© 2005 Nature Publishing Group
observed in the mitochondrial respiratory chain complexes I–V
(NDUF in Fig. 3b (Group 1), UQCR (Group 2) and ATP synthase
dehydrogenase complex (PDH, Fig. 3b, Group 4), which generates,
via acetyl-CoA and the tricarboxylic acid (TCA) cycle, reduced
coenzymes required for ATP synthesis during mitochondrial oxi-
dative phosphorylation. A concomitant increase in expression of
pyruvate dehydrogenase kinase-3 (PDK3), an inhibitor of PDH, was
observed. Expression of the voltage dependent anion channel
(VDAC) and adenine nucleotide translocator (SLC25A5), com-
ponents of the mitochondrial permeability transition pore (MPTP)
antagonistic benzodiazepine receptor (BZRP) was increased (Fig. 3b,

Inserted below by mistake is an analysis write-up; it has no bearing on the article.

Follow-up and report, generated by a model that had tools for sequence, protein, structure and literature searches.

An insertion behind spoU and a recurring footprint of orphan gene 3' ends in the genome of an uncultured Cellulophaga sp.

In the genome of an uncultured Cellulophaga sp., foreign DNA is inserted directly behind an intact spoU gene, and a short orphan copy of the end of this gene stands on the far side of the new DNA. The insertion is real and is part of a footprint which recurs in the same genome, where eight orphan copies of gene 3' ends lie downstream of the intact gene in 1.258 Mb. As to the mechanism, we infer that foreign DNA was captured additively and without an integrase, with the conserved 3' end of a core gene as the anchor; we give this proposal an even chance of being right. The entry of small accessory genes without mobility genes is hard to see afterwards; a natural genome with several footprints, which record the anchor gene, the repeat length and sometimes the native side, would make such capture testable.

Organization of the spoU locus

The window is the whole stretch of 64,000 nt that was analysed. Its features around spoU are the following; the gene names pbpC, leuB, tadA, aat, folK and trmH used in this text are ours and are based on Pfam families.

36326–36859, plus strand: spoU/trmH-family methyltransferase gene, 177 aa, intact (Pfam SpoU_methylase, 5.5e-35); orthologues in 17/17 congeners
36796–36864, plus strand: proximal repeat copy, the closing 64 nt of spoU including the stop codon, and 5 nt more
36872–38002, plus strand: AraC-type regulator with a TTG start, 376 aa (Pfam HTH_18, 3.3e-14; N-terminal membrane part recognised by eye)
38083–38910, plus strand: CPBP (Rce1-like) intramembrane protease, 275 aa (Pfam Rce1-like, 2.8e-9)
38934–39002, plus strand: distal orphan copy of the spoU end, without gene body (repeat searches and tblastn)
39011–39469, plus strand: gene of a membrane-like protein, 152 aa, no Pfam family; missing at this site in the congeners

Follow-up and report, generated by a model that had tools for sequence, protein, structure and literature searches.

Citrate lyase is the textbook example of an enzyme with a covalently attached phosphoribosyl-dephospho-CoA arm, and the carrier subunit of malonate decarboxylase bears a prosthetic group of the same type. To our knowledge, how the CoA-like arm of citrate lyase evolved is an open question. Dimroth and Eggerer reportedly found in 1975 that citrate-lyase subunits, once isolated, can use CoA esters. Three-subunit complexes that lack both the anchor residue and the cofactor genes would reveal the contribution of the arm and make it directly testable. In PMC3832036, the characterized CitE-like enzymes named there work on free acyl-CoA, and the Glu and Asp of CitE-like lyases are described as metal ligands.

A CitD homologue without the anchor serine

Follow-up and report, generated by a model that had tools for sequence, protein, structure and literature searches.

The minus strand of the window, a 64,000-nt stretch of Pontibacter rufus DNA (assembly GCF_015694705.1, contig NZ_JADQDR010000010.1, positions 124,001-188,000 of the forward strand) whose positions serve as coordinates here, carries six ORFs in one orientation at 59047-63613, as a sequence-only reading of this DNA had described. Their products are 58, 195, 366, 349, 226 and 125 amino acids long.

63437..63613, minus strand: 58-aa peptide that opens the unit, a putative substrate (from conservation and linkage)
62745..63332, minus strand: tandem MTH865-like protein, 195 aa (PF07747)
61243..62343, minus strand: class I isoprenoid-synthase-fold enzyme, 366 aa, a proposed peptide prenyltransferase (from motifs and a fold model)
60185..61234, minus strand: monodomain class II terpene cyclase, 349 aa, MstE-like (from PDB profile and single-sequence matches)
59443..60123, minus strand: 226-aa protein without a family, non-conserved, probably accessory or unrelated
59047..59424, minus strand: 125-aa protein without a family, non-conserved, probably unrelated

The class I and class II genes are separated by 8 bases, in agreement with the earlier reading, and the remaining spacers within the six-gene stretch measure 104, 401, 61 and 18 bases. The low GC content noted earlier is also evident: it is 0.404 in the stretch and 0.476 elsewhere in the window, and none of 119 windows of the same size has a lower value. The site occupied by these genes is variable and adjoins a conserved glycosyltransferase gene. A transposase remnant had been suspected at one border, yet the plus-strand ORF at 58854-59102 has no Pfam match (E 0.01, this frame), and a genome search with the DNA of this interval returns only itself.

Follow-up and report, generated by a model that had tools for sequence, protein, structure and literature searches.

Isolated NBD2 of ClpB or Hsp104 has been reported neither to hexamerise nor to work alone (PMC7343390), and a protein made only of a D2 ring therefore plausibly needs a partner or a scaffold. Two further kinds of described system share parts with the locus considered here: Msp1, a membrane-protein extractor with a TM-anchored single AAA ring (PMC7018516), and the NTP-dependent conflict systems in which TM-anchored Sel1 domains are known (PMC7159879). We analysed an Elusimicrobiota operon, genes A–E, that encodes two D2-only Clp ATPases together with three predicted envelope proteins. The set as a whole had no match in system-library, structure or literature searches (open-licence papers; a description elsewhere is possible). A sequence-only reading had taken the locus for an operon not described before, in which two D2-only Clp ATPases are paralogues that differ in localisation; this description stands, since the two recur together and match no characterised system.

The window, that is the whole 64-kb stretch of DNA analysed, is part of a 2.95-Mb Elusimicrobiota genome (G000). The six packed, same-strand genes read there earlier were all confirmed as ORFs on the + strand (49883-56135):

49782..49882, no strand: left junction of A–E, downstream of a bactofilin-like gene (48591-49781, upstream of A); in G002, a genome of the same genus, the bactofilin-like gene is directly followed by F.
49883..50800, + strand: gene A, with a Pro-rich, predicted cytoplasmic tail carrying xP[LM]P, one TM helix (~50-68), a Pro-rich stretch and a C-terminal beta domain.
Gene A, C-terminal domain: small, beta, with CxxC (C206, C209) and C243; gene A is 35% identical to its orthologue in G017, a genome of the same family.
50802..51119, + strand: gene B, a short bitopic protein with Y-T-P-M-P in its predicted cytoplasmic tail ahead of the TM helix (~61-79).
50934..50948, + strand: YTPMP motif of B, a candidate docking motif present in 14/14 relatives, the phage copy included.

Group 5). MPTP activation has previously been considered an early
event in apoptosis, leading to mitochondrial membrane depolariz-
ation and release of cytochrome c. However, recent reports have
calcium-overload-induced necrotic cell death14,15. Thus, reduction in
transcripts for MPTP components is consistent with a protective
response to the oxidative stress associated with endotoxin challenge.
As activesecretorycells, leukocytes devotea substantial amount of
energy expenditure to protein synthesis16. In concert with the
suppression of modules participating in energy production,
(EIF3 in Fig. 3b, Group 6), a large number of ribosomal proteins
(RPS, RPL genes in Fig. 3b, Group 7), the RNA polymerase II
complex, and also in the functional modules of the ATP/ubiquitin-